FOR the past several decades, there have been two rival interpretations of the United States' founding epic. One centers on the Constitution: It imagines the framers as children of the Enlightenment, architects of a ``golden age'' of participatory government.
Against this luminous construction, scholars like Richard Hofstadter launched their revisionist interpretation, which pictured the Founders as oligarchs and slave-holders jealously guarding their economic prerogatives. The notion that the men who conceived the United States were elitists, obsessed with their own economic and social status, is at variance with the version that holds them up as paragons of what they themselves would have called ``civic virtue.''
Among the many wonders of ``The Age of Federalism: The Early American Republic, 1788-1800,'' Stanley Elkins and Eric McKitrick's panoramic record of the emergence of modern politics in the US, is how these noted historians reconcile such contradictory accounts of America's national origin. By treating the messy business of politics as equal to the high-toned struggles over constitutional philosophy, the authors allow readers to see how grand ideals cohabited with narrow self-interest in the minds of the Founders. One finishes this book with the sense that the men who created the American political order were both larger than life and tragically flawed, sometimes far-sighted geniuses and sometimes blundering fools.
All the significant figures of the post-revolutionary years - Washington, Madison, Adams, Burr - are here. Also present are less well-known but influential figures like the Federalist renegade Jedidiah Peck, who became a hero of the dissident movement that swept the country in the 1790s, and Charles Cotesworth Pickney, the Revolutionary War veteran who could have been president but preferred being a Southern gentleman.
At the heart of the narrative are Alexander Hamilton and Thomas Jefferson, whose clashing visions of the proper political order were nearly overshadowed by what the authors call a ``colossal enmity.'' Hamilton and Jefferson squandered huge amounts of energy detesting each other. Never since in US history have two such talents fought so bitterly over the levers of power. Each denounced and connived against the other until the governments of Europe strained forward to watch like spectators at a title fight. Elkins and McKitrick's focus on the conflict of these remarkable men helps keep this learned book from falling into the monotony of mere recitation.
Hamilton, perhaps the most dynamic of the Founders, might have won the struggle if his values had been less absolute. As this volume's title proclaims, the opening years of the Republic were dominated by the Federalists, whose political theories were articulated in the pamphlets named after their movement. The Federalist Papers, which gave justification to the new Constitution and the government it spawned, turned out to be the zenith of the party, whose organization failed.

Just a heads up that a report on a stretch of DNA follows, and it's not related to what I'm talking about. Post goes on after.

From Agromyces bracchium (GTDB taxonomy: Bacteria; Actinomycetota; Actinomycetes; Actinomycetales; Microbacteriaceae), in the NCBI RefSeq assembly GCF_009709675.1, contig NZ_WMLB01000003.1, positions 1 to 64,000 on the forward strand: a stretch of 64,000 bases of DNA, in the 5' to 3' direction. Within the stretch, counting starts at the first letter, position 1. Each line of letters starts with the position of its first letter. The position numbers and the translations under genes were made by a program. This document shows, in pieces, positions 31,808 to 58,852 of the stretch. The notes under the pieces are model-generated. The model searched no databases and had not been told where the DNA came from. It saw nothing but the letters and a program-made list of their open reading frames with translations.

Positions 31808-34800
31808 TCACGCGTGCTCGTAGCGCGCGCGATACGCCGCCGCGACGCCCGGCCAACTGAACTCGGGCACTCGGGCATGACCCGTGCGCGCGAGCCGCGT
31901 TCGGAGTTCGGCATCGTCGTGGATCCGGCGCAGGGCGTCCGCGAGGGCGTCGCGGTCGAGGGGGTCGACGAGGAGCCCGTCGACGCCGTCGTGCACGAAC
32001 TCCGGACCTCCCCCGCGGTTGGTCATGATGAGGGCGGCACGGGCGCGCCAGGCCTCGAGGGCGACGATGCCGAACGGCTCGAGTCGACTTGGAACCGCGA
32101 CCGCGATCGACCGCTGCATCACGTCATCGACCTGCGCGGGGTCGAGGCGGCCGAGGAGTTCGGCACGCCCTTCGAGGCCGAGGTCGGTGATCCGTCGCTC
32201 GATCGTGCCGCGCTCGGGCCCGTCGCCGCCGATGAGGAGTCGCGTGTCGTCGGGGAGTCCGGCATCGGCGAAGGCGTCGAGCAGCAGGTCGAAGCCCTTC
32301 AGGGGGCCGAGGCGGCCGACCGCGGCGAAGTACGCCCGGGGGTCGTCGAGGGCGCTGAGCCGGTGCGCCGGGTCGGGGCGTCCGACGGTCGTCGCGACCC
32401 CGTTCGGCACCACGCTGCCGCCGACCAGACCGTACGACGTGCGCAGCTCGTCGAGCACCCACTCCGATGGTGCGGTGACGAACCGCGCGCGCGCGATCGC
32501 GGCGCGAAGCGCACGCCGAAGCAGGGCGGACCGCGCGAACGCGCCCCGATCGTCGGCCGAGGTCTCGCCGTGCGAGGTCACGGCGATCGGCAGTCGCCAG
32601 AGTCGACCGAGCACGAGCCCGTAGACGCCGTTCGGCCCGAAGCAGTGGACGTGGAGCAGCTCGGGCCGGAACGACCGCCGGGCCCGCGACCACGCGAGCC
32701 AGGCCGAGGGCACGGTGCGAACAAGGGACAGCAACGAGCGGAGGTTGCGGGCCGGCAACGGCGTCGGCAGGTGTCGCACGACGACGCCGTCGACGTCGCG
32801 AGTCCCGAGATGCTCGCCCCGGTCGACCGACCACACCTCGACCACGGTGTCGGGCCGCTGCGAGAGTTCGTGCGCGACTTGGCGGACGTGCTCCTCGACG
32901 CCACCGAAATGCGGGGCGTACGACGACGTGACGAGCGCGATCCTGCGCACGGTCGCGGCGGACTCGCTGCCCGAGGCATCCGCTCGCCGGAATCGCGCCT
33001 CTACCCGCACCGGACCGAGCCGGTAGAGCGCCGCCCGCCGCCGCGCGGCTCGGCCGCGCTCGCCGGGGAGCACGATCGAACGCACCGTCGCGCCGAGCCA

But the Federalists' ideals ultimately succeeded. Hamilton's paradigm dominates US public life 200 years later: The United States is run by a strong central government with a powerful executive; a national financial system guards the value of the currency; a standing military has given the country strategic preeminence. Hamilton was so obsessed with paying off the federal debt that one can imagine him today leading the fight for a balanced-budget amendment. Notwithstanding their fondness for taxation (which they said was the cornerstone of fiscally responsible government), the Federalists are the obvious ancestors of modern conservatives.
But Hamilton and the other ``high'' Federalists shared two blind-spots that proved their undoing. The first was their distaste for the common people; the second was their contempt for day-to-day politics, the business of controlling a government through persuasion and compromise. They were thoroughgoing elitists, envisioning themselves as ``men apart, gentlemen who by birth, breeding, refinement, and independent circumstances were endowed with a special wideness of vision and were thus peculiarly fitted to dedicate talent and wisdom to disinterested public service,'' the authors write.
Hence John Adams and his advisers were unable to gauge the impact the Alien and Sedition Acts of 1798 would have on the citizenry of the young country. These bills, which inhibited immigration and made virtually any criticism of the federal government potentially unlawful, became rallying points for the Republicans, led by Jefferson. They also served to alienate the growing Irish and German immigrant communities, whom the Republicans assiduously courted.
The Federalists, who might have dominated national politics for decades, instead did ``one witless thing after another,'' as the authors put it, and treated party politics as a plot to fragment the nation rather than a method for arbitrating legitimate differences through popular elections.
Jefferson, with his uncanny combination of philosophical vision and tactical horse-sense, took advantage of the Federalist myopia and thereby created both the first populist administration and the first modern political party.
When Jefferson brought about his ``Revolution of 1800,'' only one great Federalist was left standing: John Marshall, made chief justice of the Supreme Court in one of John Adams's final presidential actions. Marshall ensured that at least one branch of the government would be shaped by the Federalists' strong centralizing ideals for many years to come. Those ideals and their history are well-preserved in this splendid book.